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Cars at fault in 82% of fatal crashes with trucks: report


Date: 02 September 2011

Car (non-truck) drivers are at fault in 8 out of 10 fatal accidents that involve a truck and another vehicle, according to the latest study into serious truck accidents by the National Transport Insurance (NTI) accident research centre.

The NTI 2011 Major Accident Investigation Report found that in 7 out of 10 major truck accidents there are no other vehicles involved. However, in fatal crashes involving other vehicles, the other driver was at fault in 82% of the accidents.

NTI has reinforced the findings of its National Truck Accident Research Centre (NTARC) study following the broadcast last week of footage that showed a crash between a truck and car in a busy tunnel. Truck drivers hit back saying that car drivers are the root cause of many accidents.

The investigation covered 323 major crash incidents (>$50,000 in value) from 2009 with a combined cost of $44m. The NTI 2011 Major Accident Investigation Report also found:

  • Inappropriate speed for the conditions and fatigue are the leading causes of serious truck accidents at 41.9%. Fatigue-related serious truck crashes have reduced by 50% since the last study
  • NSW has 36.5% of major truck crashes, a figure which has worsened since the 2007 NTI truck crash incident data analysis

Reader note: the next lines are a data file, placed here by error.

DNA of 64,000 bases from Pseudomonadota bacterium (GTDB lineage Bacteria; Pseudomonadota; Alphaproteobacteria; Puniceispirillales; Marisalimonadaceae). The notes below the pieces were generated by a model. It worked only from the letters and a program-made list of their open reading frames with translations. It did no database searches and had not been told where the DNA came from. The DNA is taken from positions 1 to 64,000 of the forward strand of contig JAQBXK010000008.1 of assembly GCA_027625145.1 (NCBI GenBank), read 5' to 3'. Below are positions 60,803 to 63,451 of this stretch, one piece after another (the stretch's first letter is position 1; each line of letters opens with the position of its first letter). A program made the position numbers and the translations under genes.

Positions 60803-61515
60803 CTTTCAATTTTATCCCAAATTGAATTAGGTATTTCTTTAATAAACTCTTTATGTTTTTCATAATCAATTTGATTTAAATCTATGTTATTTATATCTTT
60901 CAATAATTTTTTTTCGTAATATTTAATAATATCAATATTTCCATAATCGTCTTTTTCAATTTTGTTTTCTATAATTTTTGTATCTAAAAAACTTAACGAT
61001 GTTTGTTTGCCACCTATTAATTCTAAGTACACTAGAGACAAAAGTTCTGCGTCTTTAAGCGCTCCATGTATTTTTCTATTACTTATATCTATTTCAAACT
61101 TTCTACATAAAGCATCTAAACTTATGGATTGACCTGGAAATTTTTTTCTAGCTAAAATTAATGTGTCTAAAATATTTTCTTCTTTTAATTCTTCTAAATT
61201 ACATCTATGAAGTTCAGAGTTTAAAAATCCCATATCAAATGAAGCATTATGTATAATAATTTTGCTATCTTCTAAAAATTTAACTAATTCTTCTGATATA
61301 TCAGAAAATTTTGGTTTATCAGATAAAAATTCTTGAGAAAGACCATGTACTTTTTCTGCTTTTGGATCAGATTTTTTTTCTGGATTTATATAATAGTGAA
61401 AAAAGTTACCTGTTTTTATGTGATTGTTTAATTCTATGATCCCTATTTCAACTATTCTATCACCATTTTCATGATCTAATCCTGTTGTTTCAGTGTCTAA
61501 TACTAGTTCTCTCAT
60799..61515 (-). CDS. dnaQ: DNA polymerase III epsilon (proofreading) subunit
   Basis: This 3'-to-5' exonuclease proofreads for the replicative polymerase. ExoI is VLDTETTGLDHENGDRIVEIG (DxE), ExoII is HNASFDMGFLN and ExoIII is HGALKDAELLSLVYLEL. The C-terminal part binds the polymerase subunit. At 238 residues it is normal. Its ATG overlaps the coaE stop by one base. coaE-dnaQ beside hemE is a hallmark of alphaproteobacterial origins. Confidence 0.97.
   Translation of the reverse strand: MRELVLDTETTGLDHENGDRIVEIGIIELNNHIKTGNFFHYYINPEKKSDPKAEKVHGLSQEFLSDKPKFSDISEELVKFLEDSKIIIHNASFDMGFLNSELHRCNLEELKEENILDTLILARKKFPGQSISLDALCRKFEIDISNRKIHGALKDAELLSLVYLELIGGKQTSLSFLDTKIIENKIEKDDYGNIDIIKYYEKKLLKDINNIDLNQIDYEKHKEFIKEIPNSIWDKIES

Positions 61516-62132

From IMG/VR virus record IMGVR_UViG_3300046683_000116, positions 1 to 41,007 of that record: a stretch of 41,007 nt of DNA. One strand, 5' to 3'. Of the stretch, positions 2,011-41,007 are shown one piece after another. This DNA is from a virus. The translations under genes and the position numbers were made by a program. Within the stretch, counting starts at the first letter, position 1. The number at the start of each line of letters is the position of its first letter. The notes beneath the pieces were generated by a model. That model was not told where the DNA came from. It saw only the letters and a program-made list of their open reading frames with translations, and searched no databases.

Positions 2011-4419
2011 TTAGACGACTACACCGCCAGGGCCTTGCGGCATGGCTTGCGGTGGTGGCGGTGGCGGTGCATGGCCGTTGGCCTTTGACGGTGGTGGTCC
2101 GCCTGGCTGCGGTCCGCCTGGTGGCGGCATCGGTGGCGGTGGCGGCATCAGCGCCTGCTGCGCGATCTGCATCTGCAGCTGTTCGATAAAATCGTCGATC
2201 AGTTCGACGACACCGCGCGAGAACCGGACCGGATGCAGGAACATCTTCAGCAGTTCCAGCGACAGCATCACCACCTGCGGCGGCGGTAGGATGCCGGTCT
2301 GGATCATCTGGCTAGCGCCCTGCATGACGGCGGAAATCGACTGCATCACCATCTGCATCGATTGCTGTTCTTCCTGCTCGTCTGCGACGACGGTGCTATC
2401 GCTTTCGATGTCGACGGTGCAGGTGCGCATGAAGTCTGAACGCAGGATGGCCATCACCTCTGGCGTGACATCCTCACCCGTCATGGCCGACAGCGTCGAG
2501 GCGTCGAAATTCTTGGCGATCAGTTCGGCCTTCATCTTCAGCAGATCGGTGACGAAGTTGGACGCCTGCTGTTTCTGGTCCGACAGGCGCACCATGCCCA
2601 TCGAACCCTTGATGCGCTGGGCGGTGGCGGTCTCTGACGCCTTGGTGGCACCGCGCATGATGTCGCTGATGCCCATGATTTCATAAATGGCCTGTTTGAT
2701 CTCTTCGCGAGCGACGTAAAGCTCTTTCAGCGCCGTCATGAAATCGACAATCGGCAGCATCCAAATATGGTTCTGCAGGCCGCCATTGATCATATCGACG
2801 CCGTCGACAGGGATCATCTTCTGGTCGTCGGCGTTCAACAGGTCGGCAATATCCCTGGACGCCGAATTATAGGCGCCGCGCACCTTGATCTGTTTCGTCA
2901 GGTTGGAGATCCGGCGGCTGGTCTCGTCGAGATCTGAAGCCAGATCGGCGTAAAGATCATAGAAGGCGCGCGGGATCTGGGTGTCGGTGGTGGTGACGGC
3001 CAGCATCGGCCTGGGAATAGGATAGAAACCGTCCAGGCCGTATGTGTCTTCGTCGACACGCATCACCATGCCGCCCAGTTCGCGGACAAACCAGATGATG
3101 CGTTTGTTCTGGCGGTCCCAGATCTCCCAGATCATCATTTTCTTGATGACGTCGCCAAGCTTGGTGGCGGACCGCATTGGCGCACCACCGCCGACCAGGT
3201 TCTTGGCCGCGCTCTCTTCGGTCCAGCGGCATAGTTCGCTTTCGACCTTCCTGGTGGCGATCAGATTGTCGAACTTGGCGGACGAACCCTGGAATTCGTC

• Victoria has an improved result, with WA and Queensland overrepresented in major truck accidents relative to the freight task. Queensland’s Bruce and Warrego Highways were the worst with proportionally more incidents than any other major roads.
  • Losses on the Hume dropped substantially since 2003, from 11.1% to 2.5% of major truck crashes
  • The bigger they are, the safer they are – B Doubles carry 46% of freight yet account for only 28% of serious truck crashes.

NTI has used the research to establish a new panel of experts to address safety issues within the road transport industry. The new AllRoads Safety Advisory Board will take the scope of the NTARC beyond analysis of truck accidents, to finding practical actions that would improve road safety for all road users.

Advisory Board Member and author of the 2011 NTI Major Accident Investigation Report Owen Driscoll said NTI believed that truck accident research was a prerequisite for achieving sustainable safety improvements for all road users.

“We hope by creating this Advisory Board to the NTARC we’ll move closer to recommending changes that could make a real difference, not just for truck drivers, but for everyone on our roads. This signals a new era for the research centre in working to impact road safety in Australia.”

Chair of the AllRoads Safety Advisory Board, Melbourne University researcher and logistics consultant Associate Professor Kim Hassall, has worked with the world’s largest freight companies.

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